Open and clear communication between client and attorney is essential in any legal case or proceeding, so if a lawyer fails to return calls or provides only vague details when a client needs precise information, that lawyer may be guilty of legal malpractice. Failing to communicate properly with clients is not only legal malpractice, but it is also an ethical violation. The American Bar Association (ABA) rules state that a lawyer “shall explain a matter to the extent reasonably necessary to permit the client to make informed decisions regarding the representation” and shall also:


  • promptly inform the client of any decision requiring the client’s informed consent
  • reasonably consult with the client about the way the client’s objectives are to be achieved
  • keep the client reasonably informed about the status of the matter
  • comply promptly with reasonable requests for information
  • consult with the client about limits on the lawyer’s conduct when the client expects assistance not allowed by ABA rules or the law


Pasadena personal injury attorney Gregory Vanni says, “The final most common reason for malpractice claims is failure by the lawyer to address a conflict of interest. This can arise in cases of multi-client representation, e.g., in a wrongful death case of a child where the parents are divorced, or a car accident in which the lawyer represents both the driver and passenger, where the driver may share fault. Written disclosure is required by State Bar rules, but some practitioners fail to advise the clients on this issue, which is almost certain to create tension and generate a claim.”

A booklet entitled Managing Conflict of Interest Situations published by the Lawyers’ Professional Liability Indemnity Company defines a conflict of interest as “a compromising influence that is likely to negatively affect the advice that a lawyer would otherwise give to a particular client.” In other words, a conflict of interest is a set of circumstances likely to impact negatively the lawyer’s judgment concerning a client, the lawyer’s loyalty to a client, or the lawyer’s safeguarding of the interests of a client.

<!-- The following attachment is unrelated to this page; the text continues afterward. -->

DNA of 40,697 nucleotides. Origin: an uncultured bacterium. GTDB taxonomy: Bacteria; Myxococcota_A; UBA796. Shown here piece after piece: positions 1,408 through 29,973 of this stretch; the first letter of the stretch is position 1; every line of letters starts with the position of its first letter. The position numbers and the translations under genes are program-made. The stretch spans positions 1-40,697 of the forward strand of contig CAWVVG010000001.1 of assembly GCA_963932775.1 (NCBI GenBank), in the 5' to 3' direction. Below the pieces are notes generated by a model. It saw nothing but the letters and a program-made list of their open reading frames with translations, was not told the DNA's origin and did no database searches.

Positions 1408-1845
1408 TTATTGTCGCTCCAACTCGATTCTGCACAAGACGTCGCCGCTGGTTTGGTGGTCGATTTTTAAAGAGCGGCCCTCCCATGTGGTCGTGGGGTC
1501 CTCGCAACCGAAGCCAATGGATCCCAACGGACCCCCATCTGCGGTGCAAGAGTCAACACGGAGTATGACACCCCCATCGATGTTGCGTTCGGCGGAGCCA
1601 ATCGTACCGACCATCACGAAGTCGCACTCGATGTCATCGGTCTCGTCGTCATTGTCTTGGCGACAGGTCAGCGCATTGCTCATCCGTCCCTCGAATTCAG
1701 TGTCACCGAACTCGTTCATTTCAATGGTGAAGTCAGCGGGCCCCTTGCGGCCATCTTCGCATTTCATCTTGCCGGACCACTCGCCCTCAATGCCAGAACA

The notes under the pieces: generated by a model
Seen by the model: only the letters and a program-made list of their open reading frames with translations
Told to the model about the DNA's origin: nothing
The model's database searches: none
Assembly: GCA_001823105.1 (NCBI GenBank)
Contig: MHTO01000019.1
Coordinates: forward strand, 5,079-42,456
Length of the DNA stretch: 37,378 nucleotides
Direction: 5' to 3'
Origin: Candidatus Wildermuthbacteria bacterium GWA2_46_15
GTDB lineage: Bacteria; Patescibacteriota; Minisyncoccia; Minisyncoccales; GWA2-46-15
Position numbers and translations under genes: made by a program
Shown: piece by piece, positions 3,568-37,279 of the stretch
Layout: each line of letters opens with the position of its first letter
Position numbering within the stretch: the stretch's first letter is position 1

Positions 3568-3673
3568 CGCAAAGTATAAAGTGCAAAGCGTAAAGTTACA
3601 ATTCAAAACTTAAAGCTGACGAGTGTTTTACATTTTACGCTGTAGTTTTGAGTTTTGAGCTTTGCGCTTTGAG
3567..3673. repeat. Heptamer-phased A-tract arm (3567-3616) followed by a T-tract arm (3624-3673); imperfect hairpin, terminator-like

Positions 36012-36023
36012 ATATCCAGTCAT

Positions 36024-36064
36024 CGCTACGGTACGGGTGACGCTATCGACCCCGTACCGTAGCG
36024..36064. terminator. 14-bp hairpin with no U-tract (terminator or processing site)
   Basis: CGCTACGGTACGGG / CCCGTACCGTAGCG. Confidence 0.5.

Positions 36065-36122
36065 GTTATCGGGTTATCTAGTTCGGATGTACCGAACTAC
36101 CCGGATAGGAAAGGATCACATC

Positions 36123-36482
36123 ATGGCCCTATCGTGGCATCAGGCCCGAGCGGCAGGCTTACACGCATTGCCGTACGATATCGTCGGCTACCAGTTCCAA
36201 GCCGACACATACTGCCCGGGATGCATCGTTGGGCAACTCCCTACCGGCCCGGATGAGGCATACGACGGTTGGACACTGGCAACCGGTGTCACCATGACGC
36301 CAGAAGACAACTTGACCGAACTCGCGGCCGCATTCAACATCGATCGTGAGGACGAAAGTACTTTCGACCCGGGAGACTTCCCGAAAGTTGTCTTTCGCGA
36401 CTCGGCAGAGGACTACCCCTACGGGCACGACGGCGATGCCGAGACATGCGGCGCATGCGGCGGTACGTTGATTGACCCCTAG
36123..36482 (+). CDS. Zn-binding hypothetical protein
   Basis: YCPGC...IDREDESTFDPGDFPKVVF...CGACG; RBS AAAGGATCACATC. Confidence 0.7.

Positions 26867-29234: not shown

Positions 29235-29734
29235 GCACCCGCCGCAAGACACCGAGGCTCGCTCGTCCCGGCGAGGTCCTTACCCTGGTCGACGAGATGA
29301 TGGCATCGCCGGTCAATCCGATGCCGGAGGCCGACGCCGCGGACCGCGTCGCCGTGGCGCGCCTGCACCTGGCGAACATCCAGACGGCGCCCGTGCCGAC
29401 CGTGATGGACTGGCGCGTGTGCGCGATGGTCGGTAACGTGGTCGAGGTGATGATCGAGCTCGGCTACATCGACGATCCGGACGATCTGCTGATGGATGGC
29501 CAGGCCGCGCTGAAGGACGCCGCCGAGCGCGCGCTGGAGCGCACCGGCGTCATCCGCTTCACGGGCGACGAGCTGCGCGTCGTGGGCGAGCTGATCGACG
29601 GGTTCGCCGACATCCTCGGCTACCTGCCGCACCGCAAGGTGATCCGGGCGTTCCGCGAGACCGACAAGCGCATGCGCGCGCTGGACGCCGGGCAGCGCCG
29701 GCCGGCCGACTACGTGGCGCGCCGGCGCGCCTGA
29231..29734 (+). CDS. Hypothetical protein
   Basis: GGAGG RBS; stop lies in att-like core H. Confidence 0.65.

Conflicts of interest are troubling because loyalty and independence of judgment are essential to the effective representation of a client by an attorney, and a conflict might make it difficult or impossible for an attorney to exercise the necessary loyalty and independent judgment. The best way for an attorney to avoid conflict of interest claims is simply to decline any representation where a conflict may exist or appear to exist. All actual and potential conflicts should be identified, as far as possible, before representation begins.


Malpracticing attorneys hurt clients, hurt other attorneys, and hurt the entire legal system. Every client – of every attorney – should be treated with the utmost respect and should be offered every possible professional consideration and courtesy. Most importantly, anyone seeking legal assistance for any reason should be represented by a conscientious, ethical attorney who has built a reputation for the highest professional standards of excellence.

Lawsuits and most other legal proceedings are adversarial, so at the conclusion of almost any matter, one party or the other is likely to be unhappy. That means legal malpractice claims will probably always be a part of any legal system. Nevertheless, attorneys and clients both have a responsibility to be aware of what constitutes legal malpractice and to take the precautions necessary to avoid it.